The characters, also, were okay. I never really got to the point where I felt connected to Eliza. She had to face a lot of her own insecurities and I felt she was too much of a pushover, but I get that was how she is and how she needed to work through that. My main problem with her is that she, like many other female characters in media, are portrayed as being pathetic once a guy enters their life. There's nothing wrong with dating, but to sacrifice who you are and what you love for that person? Really? Nothing irks me more... and speaking of said guy... Wallace... at first, I liked him. I really did. I thought he was sweet and kind and I was curious as to why he chose not to speak out loud. I still think he can be sweet and kind... but when he put so much pressure on Eliza to help him with his future, I thought it wasn't fair. Her health and well-being should have been first on his mind. Not how, with her success, he was going to be well off in the future. Then he got upset with her when she said she couldn't help? Because her mental health was not at a good place? He acted so entitled to her work it really was making me upset. It was selfish and inconsiderate that I really started to dislike him. It does get better towards the end but... the damage was done. The characters were my least favorite part about this book.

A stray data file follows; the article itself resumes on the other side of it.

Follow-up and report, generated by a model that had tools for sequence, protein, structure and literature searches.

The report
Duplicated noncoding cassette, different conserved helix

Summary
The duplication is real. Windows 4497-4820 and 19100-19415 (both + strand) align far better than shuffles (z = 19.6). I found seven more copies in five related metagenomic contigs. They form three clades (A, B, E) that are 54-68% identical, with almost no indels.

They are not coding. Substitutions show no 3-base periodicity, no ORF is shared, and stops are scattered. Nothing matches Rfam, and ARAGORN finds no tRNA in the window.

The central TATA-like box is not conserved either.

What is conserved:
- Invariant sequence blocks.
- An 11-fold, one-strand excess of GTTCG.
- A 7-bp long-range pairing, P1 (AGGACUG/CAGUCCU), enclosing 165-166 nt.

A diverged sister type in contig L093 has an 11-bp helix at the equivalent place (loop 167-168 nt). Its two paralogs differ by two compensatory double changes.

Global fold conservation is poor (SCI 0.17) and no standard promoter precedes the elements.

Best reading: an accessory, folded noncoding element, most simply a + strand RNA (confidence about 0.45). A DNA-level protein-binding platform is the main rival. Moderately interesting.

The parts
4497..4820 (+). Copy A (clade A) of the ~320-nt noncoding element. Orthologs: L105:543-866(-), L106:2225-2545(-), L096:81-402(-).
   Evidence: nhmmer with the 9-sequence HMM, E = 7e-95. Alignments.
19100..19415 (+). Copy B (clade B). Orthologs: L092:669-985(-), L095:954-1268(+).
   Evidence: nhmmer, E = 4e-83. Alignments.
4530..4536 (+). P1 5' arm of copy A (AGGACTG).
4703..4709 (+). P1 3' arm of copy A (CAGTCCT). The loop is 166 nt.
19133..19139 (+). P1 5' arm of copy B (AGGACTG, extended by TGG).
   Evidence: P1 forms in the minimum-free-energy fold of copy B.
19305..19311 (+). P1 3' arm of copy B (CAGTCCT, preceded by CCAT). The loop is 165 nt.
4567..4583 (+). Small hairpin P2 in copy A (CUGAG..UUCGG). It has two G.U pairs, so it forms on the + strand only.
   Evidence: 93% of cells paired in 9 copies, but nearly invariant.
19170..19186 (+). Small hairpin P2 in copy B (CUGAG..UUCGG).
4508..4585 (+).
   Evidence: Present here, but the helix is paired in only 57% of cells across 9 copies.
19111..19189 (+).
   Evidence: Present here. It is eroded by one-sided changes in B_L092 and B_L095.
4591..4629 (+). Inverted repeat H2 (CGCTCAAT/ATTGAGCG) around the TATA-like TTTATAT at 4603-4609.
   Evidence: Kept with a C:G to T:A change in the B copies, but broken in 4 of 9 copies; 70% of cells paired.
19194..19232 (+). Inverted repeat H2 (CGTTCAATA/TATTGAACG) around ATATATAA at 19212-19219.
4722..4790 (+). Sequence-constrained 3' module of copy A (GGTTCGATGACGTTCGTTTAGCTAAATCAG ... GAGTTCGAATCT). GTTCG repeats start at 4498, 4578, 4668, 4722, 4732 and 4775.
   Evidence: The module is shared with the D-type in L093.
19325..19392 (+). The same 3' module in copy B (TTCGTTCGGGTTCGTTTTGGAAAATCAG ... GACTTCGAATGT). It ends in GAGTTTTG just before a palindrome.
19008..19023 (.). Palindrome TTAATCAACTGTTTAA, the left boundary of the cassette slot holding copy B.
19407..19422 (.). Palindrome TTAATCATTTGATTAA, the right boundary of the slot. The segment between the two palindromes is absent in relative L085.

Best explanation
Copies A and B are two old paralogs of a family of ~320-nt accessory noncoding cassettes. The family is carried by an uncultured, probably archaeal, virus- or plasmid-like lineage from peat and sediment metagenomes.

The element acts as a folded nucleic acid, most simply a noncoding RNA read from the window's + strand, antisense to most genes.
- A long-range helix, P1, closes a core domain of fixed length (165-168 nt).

Still, this book is not necessarily about the characters. It's about the love one can have for a piece of fiction and the things you can create for that love. It's about the fanfiction, fanart. It's about the fans and what the fans can create when they come together. It'd a love letter to fandoms and I thought it was a pretty good one at that.

 

If you have any interests in fandoms or are going through a difficult time when considering what you should be doing with your future, I urge you to pick this book up. It can be quite infuriating at times, but I think you'll be able to see through to the positives well enough. Keep in mind that this book deals with anxiety, depression, and suicide. Remember: You are not alone. There is help out there for you. Just reach out and there will be a hand to hold on to you. Take care of yourselves. Be kind. 

 

Hope you're all having a lovely day. If not, I hope everything gets better for you. 

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text 2018-01-02 17:13
Eliza and Her Monsters by Francesca Zappia $2.99
Eliza and Her Monsters - Francesca Zappia